Five key factors that impact your new home’s insurance rate
House hunting? Don’t forget to factor in insurance, a key component of every new homeowner’s budget. When it comes to your insurance rate, the stuff hidden behind the walls can impact your premium. “Insurance companies prefer that things such as wiring, plumbing and heating are all updated, but this doesn’t always equate to a low insurance premium,” says Tricia Watson, property and casualty insurance manager with CAA Manitoba Insurance Brokers. Many factors go into determining an insurance policy rate, but here are five things you can control.
Newer plastic or copper pipes are generally preferred over lead or galvanized options, which are more prone to cracks or leaks. Keep in mind: Certain types of hazardous materials, including poly-butylene, often won’t be insured at all. After you move in, have your plumbing inspected regularly for leaks, rust and cracks to guard against unexpected damage and potentially costly repairs.
While every insurer has its own guidelines for the type and age of wiring, Watson says “more and more are expecting wiring to be less than 30 years old.” Older electrical systems—50-amp service, knob-and-tube and aluminum wiring—have greater potential to overload and catch fire. Talk to your broker as some insurance companies might not provide coverage without upgrades.
The age of the roof may affect your rate. Anything beyond 15 years old is generally considered an “older roof” by some insurance companies. It’s also worth noting in the event of a claim, many insurers won’t pay for the full replacement value of the roof, but rather the depreciated value. If you replace the roof yourself, hold onto receipts for materials and take before-and-after photos.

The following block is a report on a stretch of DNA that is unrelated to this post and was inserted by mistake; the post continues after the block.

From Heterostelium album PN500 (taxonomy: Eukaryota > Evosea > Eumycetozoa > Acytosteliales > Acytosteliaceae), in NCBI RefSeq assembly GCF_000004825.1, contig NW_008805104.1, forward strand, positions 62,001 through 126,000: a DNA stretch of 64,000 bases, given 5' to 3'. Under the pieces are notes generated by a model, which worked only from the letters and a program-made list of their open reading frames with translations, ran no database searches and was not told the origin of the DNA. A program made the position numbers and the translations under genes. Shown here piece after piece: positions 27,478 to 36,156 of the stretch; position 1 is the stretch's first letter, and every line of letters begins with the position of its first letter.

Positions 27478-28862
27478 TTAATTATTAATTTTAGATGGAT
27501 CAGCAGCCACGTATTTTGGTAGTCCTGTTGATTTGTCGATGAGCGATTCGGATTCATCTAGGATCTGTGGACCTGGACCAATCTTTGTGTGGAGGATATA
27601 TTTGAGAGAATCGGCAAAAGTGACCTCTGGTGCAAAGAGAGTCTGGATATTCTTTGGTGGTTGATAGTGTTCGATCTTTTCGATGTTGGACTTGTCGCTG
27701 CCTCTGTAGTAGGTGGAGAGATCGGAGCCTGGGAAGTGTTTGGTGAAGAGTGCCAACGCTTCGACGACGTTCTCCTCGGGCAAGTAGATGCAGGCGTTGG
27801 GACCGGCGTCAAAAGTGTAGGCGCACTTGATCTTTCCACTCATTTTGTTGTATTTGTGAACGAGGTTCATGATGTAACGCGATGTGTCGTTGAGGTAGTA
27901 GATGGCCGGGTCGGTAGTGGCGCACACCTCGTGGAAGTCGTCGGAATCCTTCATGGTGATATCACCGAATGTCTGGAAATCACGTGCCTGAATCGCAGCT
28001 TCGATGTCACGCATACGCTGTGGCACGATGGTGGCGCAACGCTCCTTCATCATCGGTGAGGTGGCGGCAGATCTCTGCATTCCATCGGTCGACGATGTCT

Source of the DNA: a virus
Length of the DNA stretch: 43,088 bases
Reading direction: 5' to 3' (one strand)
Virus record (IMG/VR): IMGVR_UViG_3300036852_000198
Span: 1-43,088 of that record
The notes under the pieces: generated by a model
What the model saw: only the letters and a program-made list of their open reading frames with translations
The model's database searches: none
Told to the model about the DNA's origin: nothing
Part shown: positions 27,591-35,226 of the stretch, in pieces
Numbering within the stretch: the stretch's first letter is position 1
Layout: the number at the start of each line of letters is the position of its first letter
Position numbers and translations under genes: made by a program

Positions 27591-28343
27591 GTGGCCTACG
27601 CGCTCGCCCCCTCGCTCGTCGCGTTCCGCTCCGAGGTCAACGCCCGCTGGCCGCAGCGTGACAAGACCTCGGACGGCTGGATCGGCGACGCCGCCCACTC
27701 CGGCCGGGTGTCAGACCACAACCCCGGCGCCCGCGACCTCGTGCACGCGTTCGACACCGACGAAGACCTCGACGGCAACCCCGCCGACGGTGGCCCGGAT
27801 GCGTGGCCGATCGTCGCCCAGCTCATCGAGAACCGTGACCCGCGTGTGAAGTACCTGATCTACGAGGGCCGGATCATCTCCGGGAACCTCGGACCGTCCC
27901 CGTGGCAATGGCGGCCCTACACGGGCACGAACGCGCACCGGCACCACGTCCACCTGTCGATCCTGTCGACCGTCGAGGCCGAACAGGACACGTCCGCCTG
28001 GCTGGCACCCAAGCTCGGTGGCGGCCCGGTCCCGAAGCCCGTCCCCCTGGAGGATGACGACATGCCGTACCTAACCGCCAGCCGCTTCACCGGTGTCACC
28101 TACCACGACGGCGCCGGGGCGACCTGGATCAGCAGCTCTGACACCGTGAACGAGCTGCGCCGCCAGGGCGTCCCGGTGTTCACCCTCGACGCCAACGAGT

If your new home is heated by oil or wood-burning heat, which are associated with greater risks of fire, it might mean paying more for insurance (or not receiving coverage at all). After your home inspection, consider planning for an upgrade to a gas, electric or forced-air system. Updated systems are something insurers consider, so it’s important to keep up the maintenance of your heating system.
Home improvements, such as finishing the basement, may cause your insurance rate to rise, as renovations are likely to increase the cost of rebuilding your home. “It’s important to talk to your broker before you start renovations, especially if the renos are going to increase your home’s replacement costs by $10,000 or more,” says Watson. Be sure to save your receipts from the qualified professionals you hired for the job.